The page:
SANTA CLARA, Calif. - Intel Corp., the world's biggest semiconductor maker, said yesterday that it built a test chip with a new process that creates faster circuits by packing 10 million transistors into an area the size of the tip of a ballpoint pen.
Intel has made the first working memory chip that uses so-called 65-nanometer technology to shrink the circuits inside chips, Intel researcher Mark Bohr said in a conference call. The method lets Intel pack twice as many transistors into the same space.
Chip makers such as Intel and International Business Machines Corp. are racing to design production methods that let them cram more transistors into chips, resulting in more powerful devices that cost less to make. By being the first to use circuits measuring 65 nanometers, Intel is up to 12 months ahead of competitors, said Gartner Inc. analyst Martin Reynolds.
"It means that we will see new, faster products that keep the market cooking," Reynolds said. Intel had been about six months ahead of its competition, he said.
Advanced Micro Devices Inc., Intel's main competitor in personal-computer microprocessors, is upgrading its plants to 90-nanometer production. A nanometer is one-billionth of a meter.
Texas Instruments Inc., the world's biggest maker of mobile-phone processors, will begin selling chips made with 65-nanometer wires late next year, a schedule it announced in March, spokesman Gary Silcott said. Clients will be able to get samples of the processors in the first quarter of next year, he said.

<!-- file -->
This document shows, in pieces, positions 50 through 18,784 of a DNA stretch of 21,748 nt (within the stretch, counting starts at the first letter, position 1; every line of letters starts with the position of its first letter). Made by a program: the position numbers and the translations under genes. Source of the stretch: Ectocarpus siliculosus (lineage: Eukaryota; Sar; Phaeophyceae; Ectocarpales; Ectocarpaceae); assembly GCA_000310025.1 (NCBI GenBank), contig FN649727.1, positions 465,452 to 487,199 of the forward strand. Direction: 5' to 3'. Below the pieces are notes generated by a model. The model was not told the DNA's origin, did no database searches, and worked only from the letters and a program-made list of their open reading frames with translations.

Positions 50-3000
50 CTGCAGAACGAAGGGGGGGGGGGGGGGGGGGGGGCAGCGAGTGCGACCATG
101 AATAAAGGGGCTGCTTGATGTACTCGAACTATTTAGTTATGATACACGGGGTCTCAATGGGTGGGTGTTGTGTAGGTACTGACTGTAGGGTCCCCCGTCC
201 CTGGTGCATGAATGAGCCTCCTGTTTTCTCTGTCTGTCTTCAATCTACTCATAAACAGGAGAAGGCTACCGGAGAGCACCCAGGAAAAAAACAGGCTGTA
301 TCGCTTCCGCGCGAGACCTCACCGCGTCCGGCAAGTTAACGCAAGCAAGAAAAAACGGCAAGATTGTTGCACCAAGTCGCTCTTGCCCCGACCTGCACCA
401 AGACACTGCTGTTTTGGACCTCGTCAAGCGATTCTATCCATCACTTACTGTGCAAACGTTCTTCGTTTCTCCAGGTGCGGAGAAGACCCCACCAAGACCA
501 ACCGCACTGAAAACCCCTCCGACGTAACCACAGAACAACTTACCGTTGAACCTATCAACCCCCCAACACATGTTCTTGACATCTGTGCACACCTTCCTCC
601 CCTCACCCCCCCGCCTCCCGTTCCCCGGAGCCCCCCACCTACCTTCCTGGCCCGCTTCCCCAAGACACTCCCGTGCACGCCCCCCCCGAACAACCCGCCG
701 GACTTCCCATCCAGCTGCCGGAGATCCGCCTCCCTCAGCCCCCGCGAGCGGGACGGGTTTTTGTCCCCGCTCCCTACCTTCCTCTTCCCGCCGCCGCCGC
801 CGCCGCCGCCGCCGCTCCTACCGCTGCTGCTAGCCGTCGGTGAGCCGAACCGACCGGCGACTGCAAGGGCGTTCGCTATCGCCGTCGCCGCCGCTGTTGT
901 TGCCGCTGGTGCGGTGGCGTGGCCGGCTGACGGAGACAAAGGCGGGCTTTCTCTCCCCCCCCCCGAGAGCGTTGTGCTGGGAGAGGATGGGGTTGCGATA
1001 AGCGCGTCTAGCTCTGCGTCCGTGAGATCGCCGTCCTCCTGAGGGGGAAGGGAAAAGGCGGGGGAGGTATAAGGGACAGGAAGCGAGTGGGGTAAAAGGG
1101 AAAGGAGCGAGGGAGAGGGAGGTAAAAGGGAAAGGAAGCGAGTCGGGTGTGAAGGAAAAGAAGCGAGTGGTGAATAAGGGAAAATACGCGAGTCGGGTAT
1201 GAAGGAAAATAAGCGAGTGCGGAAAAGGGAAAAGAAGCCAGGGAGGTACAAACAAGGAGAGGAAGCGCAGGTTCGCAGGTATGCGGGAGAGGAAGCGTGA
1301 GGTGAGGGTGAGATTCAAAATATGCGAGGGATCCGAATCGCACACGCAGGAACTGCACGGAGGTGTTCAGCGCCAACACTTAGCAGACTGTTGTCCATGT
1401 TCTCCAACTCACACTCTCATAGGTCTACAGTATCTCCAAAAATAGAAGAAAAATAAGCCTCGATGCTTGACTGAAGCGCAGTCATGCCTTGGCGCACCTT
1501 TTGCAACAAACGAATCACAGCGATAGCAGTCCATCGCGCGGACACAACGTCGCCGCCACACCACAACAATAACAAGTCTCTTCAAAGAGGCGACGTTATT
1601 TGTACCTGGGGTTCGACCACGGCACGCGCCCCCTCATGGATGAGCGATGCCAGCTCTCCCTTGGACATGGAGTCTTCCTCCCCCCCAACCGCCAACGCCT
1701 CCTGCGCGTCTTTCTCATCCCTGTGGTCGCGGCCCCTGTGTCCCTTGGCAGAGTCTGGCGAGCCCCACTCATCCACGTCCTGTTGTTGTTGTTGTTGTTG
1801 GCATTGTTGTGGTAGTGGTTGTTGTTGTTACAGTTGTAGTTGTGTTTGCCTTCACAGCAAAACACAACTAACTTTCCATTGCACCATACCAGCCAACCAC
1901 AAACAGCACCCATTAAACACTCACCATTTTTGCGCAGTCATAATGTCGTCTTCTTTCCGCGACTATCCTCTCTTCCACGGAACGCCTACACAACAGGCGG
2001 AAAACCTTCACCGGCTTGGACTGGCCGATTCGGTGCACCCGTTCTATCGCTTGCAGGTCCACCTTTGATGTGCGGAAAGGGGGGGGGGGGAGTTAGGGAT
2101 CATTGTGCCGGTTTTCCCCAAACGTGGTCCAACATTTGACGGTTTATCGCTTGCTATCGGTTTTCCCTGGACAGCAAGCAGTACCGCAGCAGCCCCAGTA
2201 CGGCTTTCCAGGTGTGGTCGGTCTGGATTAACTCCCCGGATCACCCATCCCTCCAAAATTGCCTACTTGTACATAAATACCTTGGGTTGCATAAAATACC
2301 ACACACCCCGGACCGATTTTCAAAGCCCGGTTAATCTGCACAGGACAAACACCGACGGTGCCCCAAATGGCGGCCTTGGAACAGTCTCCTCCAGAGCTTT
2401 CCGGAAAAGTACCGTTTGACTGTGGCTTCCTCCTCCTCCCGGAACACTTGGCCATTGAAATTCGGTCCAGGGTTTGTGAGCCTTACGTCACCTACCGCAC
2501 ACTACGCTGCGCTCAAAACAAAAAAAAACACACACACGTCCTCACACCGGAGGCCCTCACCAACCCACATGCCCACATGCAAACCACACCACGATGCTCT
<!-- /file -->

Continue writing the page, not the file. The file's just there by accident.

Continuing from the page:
Shares of Intel, the worst performer in the Dow Jones industrial average this year, dropped 42 cents to close at $21.60 yesterday on the Nasdaq stock market. They have fallen 33 percent this year.
Intel is on track to make semiconductors in keeping with Moore's Law, an observation named after Intel founder Gordon Moore that chips double in density every two years, Bohr said.
Chips made with the new technology will be released next year, he said. Intel announced the manufacturing method in November.
Intel, whose processors power 85 percent of the world's PCs, is trying to overcome a series of manufacturing setbacks. The company delayed this month the release of a chip for large, flat-panel televisions and already had moved back production of two PC processors and canceled development of a third this year.
Analysts forecast Intel's sales growth to slow to 10 percent next year from an estimated 15 percent this year.